For admeasurement contracts, measurement of quantities of work done will be one of the most important tasks undertaken by the RE and his staff. Two essentials for any system are:
• it must be possible to ascertain from the records what has been measured and what has not been measured;
the records must clearly show what has been paid for (under interim certificates) as distinct from what has been measured.
The foregoing can be catered for by showing, in the quantities calculation book, two columns as shown in Fig. 13.3. The first column shows the total volume for part of the works; the second shows an estimate of how much has so far been certified for payment.
The measurement engineer will work from notebooks containing dimensioned sketches of the amount of work done measured by himself, or by assistant engineers and inspectors who send him notes. All these he will file, and armed with the quantities he calculates as a result, he checks the contractor’s monthly claim in detail, item by item. Where he thinks something has been mis-measured or over-claimed by the contractor he raises this with the agent – or more usually with the contractor’s quantity surveyor. Comparison of quantity measurements takes place to see where the difference might lie. If the difference is one of interpretation of how the quantity should be measured, the RE will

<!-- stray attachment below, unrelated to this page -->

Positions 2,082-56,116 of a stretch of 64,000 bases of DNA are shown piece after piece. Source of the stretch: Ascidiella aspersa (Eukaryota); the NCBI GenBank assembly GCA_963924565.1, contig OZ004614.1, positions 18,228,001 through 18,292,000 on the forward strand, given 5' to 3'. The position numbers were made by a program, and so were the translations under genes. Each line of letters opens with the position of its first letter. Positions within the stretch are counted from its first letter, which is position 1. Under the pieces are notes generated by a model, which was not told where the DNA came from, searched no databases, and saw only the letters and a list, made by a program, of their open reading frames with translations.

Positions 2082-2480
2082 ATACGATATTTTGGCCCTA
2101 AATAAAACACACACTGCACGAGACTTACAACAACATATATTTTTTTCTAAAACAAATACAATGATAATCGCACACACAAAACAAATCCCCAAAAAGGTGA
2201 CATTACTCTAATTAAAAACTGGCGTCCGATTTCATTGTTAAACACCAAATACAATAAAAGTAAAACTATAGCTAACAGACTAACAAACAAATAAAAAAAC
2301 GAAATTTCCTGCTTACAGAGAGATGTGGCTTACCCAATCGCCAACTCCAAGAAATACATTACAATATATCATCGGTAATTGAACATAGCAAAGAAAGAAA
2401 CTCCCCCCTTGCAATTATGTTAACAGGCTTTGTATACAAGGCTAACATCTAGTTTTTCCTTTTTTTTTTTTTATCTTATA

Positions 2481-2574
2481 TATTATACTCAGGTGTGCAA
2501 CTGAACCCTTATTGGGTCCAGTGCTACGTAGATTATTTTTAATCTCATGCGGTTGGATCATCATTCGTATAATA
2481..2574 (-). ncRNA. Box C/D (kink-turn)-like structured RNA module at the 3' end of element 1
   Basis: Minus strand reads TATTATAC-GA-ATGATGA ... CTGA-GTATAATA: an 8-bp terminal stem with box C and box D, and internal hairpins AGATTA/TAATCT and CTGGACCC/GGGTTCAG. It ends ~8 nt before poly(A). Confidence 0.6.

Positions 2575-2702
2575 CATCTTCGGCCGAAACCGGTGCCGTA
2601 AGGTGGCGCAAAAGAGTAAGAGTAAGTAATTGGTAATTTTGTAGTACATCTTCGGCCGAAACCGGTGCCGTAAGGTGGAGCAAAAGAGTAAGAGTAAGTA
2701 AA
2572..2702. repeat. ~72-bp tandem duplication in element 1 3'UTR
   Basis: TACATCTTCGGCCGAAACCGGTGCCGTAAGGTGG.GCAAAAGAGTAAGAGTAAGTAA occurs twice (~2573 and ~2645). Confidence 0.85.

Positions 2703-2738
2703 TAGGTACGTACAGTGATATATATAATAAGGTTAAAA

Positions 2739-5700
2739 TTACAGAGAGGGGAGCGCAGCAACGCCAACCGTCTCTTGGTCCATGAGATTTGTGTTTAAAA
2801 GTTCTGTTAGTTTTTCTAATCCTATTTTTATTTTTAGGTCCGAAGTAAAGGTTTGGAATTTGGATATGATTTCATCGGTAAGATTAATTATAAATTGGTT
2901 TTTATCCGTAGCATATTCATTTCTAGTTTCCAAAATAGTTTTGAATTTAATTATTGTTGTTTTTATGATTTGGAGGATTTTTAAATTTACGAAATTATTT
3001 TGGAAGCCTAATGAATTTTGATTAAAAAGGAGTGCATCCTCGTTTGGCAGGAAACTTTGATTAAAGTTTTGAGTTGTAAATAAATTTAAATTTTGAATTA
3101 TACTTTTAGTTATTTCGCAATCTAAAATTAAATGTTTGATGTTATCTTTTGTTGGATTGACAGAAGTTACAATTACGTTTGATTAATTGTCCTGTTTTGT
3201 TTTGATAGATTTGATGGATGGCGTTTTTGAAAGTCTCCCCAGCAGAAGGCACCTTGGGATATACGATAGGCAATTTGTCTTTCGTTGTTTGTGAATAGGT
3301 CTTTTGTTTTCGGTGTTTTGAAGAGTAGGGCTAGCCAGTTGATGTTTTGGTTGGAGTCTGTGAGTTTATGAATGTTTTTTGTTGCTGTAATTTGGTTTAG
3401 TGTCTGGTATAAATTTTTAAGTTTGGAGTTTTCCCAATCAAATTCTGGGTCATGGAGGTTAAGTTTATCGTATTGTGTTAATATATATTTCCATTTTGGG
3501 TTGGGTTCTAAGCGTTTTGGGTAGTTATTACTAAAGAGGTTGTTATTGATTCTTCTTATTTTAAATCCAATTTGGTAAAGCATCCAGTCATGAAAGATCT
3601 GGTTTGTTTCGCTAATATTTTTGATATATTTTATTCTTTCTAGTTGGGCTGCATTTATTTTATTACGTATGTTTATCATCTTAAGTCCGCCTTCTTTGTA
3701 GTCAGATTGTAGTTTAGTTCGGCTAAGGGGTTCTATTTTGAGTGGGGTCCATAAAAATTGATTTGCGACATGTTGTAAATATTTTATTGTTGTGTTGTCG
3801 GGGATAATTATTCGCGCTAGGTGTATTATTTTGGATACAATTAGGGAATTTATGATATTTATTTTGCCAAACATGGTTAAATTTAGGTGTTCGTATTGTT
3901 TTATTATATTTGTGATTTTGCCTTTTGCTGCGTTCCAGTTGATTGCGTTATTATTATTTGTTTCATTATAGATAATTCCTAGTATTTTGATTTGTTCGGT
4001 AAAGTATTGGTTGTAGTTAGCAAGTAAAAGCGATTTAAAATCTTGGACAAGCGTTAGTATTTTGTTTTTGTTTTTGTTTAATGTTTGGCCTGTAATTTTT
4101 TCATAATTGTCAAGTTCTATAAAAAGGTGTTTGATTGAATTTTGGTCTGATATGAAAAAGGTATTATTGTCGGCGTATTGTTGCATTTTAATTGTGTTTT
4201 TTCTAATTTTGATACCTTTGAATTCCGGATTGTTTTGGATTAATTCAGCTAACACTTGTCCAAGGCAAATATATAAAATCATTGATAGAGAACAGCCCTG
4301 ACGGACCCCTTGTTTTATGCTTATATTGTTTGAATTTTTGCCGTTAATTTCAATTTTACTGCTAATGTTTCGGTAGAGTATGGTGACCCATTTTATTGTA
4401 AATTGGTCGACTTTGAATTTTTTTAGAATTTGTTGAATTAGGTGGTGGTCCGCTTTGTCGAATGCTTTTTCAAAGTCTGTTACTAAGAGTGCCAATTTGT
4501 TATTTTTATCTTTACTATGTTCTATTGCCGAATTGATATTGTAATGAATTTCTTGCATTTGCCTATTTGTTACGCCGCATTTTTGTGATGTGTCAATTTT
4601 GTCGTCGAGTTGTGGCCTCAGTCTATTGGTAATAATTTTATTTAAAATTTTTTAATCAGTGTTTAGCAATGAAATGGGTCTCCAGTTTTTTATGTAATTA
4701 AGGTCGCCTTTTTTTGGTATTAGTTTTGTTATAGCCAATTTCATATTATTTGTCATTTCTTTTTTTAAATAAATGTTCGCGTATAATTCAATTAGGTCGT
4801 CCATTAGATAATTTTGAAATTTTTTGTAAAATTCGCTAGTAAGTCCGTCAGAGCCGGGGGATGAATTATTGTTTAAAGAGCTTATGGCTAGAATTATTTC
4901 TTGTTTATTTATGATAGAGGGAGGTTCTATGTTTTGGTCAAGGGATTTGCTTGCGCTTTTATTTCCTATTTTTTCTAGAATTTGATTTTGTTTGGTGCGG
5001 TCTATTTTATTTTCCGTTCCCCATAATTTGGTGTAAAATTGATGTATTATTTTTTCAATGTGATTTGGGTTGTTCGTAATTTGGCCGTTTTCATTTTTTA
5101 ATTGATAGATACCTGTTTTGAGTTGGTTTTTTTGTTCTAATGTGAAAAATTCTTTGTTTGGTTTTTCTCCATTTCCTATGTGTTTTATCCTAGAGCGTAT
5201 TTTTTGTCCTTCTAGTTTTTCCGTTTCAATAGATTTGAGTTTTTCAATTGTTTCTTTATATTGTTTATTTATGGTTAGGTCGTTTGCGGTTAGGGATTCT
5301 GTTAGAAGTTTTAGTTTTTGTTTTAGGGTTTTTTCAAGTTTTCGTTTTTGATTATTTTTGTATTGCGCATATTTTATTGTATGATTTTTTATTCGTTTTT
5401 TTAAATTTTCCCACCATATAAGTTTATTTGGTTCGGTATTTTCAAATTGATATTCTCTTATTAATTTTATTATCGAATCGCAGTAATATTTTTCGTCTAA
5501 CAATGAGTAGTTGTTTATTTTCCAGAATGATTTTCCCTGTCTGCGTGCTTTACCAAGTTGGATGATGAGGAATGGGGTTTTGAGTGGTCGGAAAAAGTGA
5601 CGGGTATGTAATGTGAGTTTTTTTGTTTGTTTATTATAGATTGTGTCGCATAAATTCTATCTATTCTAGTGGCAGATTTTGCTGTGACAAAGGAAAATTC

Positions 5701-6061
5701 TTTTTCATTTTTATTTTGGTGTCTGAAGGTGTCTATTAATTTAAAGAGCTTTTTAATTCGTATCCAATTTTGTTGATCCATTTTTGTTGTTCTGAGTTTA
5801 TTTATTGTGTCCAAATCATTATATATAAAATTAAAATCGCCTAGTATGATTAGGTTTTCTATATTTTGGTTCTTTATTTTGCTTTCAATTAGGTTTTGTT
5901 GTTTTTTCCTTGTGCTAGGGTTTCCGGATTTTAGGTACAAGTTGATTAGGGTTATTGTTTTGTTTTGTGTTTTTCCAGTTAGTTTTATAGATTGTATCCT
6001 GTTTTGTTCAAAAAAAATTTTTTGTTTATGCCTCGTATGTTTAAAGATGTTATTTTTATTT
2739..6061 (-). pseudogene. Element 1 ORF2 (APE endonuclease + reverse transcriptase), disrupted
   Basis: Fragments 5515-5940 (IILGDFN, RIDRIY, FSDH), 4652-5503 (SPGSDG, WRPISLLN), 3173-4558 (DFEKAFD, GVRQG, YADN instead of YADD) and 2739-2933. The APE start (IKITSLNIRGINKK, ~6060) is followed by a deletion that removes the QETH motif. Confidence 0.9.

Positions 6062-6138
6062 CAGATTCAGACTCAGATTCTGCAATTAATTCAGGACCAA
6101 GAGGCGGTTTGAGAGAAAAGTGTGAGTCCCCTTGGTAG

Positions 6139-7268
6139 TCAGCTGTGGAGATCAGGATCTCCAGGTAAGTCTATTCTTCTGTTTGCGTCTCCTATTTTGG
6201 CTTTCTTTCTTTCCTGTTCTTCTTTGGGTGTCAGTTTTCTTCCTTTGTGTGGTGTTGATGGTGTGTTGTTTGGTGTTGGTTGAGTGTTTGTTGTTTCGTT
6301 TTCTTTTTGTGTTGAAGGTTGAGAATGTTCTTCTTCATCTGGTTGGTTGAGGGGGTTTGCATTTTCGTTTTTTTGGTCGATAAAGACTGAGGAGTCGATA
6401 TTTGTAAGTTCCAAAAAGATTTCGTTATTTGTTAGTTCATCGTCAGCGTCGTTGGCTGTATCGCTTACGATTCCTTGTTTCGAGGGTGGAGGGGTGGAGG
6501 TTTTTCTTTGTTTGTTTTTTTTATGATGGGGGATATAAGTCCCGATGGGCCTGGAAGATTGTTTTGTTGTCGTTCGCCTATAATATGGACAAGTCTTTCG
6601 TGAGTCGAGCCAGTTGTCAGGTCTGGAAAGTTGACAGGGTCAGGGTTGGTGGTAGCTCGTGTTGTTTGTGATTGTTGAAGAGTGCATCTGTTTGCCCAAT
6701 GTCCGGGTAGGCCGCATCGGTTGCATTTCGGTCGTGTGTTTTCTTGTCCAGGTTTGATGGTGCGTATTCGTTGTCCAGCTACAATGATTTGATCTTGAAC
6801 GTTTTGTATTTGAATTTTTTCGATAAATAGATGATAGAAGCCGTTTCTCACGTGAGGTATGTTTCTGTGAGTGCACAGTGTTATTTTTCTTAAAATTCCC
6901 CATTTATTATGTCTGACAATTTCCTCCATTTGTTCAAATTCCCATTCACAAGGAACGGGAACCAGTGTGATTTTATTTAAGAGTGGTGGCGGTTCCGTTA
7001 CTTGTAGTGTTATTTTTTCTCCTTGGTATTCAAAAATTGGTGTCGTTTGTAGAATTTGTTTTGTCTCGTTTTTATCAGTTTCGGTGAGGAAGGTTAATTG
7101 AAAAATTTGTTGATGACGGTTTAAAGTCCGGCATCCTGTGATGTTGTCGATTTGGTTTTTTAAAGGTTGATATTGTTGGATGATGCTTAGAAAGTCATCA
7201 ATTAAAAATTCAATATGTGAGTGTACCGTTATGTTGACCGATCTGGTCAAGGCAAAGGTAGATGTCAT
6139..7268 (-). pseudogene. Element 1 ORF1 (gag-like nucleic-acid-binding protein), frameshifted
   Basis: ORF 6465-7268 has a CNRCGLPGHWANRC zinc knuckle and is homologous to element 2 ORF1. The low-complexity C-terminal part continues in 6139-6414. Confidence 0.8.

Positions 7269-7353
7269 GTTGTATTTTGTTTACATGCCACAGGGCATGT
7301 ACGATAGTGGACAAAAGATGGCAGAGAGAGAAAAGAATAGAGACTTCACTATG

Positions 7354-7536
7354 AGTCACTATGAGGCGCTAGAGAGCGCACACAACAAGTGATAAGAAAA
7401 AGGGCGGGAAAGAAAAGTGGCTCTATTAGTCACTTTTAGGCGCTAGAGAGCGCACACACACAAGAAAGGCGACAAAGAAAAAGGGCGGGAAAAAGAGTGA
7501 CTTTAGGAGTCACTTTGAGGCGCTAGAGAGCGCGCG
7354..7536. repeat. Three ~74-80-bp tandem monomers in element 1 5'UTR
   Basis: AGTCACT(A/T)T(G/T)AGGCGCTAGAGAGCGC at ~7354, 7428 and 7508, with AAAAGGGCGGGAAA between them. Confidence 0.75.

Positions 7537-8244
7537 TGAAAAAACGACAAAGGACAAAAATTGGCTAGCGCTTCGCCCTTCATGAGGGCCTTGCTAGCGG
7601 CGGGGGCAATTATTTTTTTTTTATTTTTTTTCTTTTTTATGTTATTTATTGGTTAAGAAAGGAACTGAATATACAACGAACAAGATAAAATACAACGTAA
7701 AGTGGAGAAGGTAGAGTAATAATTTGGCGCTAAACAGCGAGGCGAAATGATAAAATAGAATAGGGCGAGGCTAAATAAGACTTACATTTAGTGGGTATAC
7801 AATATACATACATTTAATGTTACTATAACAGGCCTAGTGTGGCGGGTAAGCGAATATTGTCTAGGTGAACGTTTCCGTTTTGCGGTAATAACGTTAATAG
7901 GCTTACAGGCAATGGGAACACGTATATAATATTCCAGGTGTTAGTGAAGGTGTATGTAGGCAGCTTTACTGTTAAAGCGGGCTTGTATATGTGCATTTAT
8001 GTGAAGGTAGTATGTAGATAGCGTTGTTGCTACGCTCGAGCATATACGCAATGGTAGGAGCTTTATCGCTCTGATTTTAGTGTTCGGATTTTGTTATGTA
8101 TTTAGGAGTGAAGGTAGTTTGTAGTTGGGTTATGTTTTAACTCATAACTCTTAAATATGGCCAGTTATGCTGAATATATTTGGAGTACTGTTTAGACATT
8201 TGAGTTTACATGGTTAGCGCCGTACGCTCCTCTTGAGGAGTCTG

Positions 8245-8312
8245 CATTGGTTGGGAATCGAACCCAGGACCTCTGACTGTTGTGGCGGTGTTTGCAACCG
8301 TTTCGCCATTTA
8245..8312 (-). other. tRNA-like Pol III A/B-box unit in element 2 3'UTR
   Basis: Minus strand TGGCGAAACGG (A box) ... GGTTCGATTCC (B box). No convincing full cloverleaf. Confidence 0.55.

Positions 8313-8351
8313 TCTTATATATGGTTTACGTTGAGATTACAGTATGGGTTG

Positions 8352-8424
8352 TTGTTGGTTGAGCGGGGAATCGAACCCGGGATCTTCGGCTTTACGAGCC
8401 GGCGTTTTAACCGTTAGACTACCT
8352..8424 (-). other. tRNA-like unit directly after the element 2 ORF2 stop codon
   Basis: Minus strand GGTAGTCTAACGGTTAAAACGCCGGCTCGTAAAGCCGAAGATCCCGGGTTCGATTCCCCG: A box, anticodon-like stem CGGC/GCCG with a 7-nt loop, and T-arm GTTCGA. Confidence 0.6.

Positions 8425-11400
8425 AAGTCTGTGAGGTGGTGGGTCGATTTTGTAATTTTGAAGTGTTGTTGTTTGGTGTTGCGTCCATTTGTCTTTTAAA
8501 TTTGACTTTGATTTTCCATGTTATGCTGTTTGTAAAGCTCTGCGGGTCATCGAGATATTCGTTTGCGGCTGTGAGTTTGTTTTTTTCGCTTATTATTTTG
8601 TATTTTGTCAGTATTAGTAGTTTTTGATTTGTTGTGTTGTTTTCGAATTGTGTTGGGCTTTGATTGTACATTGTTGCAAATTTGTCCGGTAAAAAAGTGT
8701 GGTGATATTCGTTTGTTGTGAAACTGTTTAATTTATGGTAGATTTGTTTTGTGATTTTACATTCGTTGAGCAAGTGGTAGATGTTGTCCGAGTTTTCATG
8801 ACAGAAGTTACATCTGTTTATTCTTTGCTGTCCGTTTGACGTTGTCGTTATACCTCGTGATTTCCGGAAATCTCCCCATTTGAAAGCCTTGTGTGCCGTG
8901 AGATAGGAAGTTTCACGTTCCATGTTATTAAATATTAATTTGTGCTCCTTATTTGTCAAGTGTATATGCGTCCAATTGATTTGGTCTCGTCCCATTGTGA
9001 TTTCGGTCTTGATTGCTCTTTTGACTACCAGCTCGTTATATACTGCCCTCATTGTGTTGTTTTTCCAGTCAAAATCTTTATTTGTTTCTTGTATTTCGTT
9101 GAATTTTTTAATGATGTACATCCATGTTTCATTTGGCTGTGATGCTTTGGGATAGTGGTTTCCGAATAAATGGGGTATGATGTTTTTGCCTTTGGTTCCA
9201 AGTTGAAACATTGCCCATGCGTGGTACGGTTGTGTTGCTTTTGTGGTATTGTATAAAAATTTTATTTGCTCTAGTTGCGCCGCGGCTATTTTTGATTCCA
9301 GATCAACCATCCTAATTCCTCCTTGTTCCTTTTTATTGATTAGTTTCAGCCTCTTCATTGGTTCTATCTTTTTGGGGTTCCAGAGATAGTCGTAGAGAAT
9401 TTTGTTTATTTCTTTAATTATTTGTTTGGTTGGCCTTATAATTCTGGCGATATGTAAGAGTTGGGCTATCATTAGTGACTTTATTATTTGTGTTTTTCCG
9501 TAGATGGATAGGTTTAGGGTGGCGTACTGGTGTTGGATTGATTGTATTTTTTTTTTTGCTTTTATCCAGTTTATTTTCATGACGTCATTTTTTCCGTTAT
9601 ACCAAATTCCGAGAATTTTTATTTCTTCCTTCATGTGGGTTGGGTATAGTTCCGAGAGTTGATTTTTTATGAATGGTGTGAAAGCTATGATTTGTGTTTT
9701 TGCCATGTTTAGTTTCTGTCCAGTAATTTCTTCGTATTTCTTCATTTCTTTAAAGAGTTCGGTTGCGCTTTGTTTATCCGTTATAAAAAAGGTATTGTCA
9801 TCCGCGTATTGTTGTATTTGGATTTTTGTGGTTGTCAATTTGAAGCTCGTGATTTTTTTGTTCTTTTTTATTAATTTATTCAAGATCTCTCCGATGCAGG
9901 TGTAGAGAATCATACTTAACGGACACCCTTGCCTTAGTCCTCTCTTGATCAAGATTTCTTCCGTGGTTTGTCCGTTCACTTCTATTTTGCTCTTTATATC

have to decide what is the correct interpretation. If the contractor wishes to argue the matter it becomes ‘a claim’, and is put in the Claims Pending file with all details attached.
The RE may raise the dispute over interpretation with the engineer’s contracts department when he sends in the contractor’s application for checking.
If the contracts department agree with the RE’s ruling, there is no further action to be taken; but if the department agrees with the contractor they may re-insert the contractor’s claimed amount or whatever the RE has advised would be the figure in that case.
Measurement sheets are best filed in ‘lever-arch’ files, in order of the Bill Items. In the early stages of the job it may not be worthwhile attempting to make any exact calculation of the quantity of an item. In that case a rough sketch is drawn on the measurement sheet, showing how an estimate of the work done has been calculated.